The Machinery of Life

The Machinery of Life

David S. Goodsell

Language: English

Pages: 168

ISBN: 0387849246

Format: PDF / Kindle (mobi) / ePub


Imagine that we had some way to look directly at the molecules in a living organism. An x-ray microscope would do the trick, or since we’re dreaming, perhaps an Asimov-style nanosubmarine (unfortunately, neither is currently feasible). Think of the wonders we could witness firsthand: antibodies atta- ing a virus, electrical signals racing down nerve fibers, proteins building new strands of DNA. Many of the questions puzzling the current cadre of sci- tists would be answered at a glance. But the nanoscale world of molecules is separated from our everyday world of experience by a daunting million-fold difference in size, so the world of molecules is completely invisible. I created the illustrations in this book to help bridge this gulf and allow us to see the molecular structure of cells, if not directly, then in an artistic rendition. I have included two types of illustrations with this goal in mind: watercolor paintings which magnify a small portion of a living cell by one million times, showing the arrangement of molecules inside, and comput- generated pictures, which show the atomic details of individual molecules. In this second edition of The Machinery of Life, these illustrations are presented in full color, and they incorporate many of the exciting scientific advances of the 15 years since the first edition.

Biohistory: Decline and Fall of the West

Biomedical Signal Analysis: Contemporary Methods and Applications

Peacemaking among Primates

Darwin

 

 

 

 

 

 

 

 

 

 

 

 

 

 

 

 

 

 

 

protect our bodies from the surrounding environment, but at the same time, we need to sense and respond to changing conditions. Modern organisms have developed a bewildering variety of molecular machines to balance these two opposing needs. This is where the full diversity of life is expressed. The basic methods of molecular construction and energy production, discussed in the previous sections, are very similar in all living cells. But organisms have evolved many different and unique ways of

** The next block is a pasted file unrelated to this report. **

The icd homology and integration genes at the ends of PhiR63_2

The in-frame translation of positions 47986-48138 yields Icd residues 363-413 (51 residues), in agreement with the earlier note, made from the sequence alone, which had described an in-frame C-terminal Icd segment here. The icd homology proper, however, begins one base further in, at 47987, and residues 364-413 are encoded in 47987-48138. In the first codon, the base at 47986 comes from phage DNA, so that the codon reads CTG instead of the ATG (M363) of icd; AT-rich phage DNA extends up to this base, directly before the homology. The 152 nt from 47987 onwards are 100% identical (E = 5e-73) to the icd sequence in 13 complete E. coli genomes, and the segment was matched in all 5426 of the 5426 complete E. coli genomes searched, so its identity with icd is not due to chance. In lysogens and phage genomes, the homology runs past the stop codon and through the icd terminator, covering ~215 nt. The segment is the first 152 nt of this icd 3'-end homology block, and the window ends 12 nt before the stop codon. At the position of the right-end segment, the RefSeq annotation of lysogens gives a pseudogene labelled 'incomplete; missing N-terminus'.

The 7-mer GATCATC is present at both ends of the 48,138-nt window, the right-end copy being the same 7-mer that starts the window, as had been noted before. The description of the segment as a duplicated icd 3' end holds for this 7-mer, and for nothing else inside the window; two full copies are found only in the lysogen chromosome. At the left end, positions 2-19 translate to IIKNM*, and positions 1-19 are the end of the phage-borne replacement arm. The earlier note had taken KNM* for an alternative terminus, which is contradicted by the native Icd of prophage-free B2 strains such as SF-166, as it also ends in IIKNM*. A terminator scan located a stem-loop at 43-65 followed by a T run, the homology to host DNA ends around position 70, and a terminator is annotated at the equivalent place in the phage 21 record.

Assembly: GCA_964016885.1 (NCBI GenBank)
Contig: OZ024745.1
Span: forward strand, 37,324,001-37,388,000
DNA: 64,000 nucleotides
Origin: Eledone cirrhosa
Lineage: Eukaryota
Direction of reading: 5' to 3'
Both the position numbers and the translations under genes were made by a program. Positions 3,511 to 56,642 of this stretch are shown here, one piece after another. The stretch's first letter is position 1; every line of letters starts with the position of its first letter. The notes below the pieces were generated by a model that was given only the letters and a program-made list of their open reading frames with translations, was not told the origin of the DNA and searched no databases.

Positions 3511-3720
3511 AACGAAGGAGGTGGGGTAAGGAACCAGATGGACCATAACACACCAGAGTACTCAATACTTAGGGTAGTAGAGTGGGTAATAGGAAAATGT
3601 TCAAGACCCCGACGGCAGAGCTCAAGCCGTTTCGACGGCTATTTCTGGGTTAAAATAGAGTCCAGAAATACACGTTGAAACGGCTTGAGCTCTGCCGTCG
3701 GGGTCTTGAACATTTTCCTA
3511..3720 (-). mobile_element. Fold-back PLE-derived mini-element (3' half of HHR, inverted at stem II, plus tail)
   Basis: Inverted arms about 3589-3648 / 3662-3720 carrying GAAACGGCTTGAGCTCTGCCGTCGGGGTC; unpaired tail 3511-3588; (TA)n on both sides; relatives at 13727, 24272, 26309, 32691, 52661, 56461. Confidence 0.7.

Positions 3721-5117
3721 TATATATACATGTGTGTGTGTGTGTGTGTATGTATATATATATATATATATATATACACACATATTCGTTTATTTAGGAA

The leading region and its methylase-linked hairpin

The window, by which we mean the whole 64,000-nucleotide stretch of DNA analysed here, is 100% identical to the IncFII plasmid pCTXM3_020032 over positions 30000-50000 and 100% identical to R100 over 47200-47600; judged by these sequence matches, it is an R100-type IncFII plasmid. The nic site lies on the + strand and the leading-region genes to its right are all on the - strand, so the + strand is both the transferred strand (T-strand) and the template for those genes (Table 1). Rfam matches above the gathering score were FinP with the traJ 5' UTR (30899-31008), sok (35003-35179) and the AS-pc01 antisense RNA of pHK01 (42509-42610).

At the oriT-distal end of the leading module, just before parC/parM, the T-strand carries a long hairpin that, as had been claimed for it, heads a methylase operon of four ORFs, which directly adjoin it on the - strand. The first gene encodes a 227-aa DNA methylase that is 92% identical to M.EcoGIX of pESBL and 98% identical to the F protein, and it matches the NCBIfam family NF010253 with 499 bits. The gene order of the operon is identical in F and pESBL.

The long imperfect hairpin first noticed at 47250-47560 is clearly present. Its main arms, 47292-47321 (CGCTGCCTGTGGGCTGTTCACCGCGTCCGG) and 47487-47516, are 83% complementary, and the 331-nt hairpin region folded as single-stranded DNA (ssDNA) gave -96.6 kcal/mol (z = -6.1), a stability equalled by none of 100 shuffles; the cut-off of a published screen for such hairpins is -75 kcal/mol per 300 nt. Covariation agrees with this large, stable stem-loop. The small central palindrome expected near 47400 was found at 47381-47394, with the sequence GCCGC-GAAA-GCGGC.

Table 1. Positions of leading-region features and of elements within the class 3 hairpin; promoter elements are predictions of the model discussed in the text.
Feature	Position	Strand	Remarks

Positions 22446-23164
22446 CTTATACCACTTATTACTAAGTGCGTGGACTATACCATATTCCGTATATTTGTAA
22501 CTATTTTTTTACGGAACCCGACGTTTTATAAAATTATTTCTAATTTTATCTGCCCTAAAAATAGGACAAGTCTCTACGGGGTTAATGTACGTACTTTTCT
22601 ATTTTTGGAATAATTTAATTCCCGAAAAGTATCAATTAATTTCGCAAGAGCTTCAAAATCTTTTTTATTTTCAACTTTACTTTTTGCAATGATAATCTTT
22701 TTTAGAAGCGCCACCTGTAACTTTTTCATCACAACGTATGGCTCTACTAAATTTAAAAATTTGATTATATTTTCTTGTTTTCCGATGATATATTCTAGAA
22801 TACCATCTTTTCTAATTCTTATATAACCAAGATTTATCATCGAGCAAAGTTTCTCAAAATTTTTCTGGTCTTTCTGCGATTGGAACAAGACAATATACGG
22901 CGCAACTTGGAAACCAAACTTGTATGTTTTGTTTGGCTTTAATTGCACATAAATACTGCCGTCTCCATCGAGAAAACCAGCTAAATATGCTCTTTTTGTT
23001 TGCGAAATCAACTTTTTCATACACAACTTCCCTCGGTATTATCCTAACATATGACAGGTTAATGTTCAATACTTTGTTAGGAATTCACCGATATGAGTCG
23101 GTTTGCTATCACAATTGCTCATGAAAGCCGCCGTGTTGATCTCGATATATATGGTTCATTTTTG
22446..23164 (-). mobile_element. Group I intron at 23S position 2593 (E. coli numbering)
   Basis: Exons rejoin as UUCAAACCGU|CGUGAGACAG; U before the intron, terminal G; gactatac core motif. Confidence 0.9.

detoxify reactive forms of oxygen. Superoxide dismutase detoxifies superoxide molecules, and catalase and peroxiredoxin destroy hydrogen peroxide. Each of these enzymes uses a special chemical tool in the reaction. Superoxide dismutase uses copper and zinc atoms (one is seen in the active site here, in bright blue), catalase uses iron ions trapped in heme molecules, and peroxiredoxin uses a particularly reactive sulfur atom in a cysteine amino acid (colored bright yellow here) (5,000,000 X)

15 minutes to cross the room! In this time, you may be pushed all over the room, perhaps even back to your starting point a few times. This is similar (although molecules do not have a goal in mind) to the contorted path molecules take in the cell. You might ask how anything ever gets done in this chaotic world. It is true that the motion is random, but it is also true that the motion is very fast compared to the motion in our familiar world. Random, diffusive motion is fast enough to perform

entirely different targets, so the population of viruses is faced with the impossible task of mutating several molecular machines at the same time to evade all of the drugs. Antibiotic Drugs 153 Fig. 9.9 Drug resistance in HIV In order for HIV drugs to be effective, they must bind tightly to HIV enzymes and block their action. HIV protease becomes resistant to drugs by mutating important amino acids in the active site. In this picture, the drug ritonavir is shown in green, and the amino acids

155 (see Fig. 6.10). These poisons act by blocking the binding of acetylcholine to the receptor, so the muscle never gets the signal to contract. If you have ever had your eyes examined at the ophthalmologist, you have probably been poisoned by atropine. A small drop of the poison in each eye temporarily paralyzes the muscles that close the iris, dilating the pupils and allowing the doctor to see inside. Strychnine acts in the opposite way. It blocks inhibitory receptors in nerve synapses that

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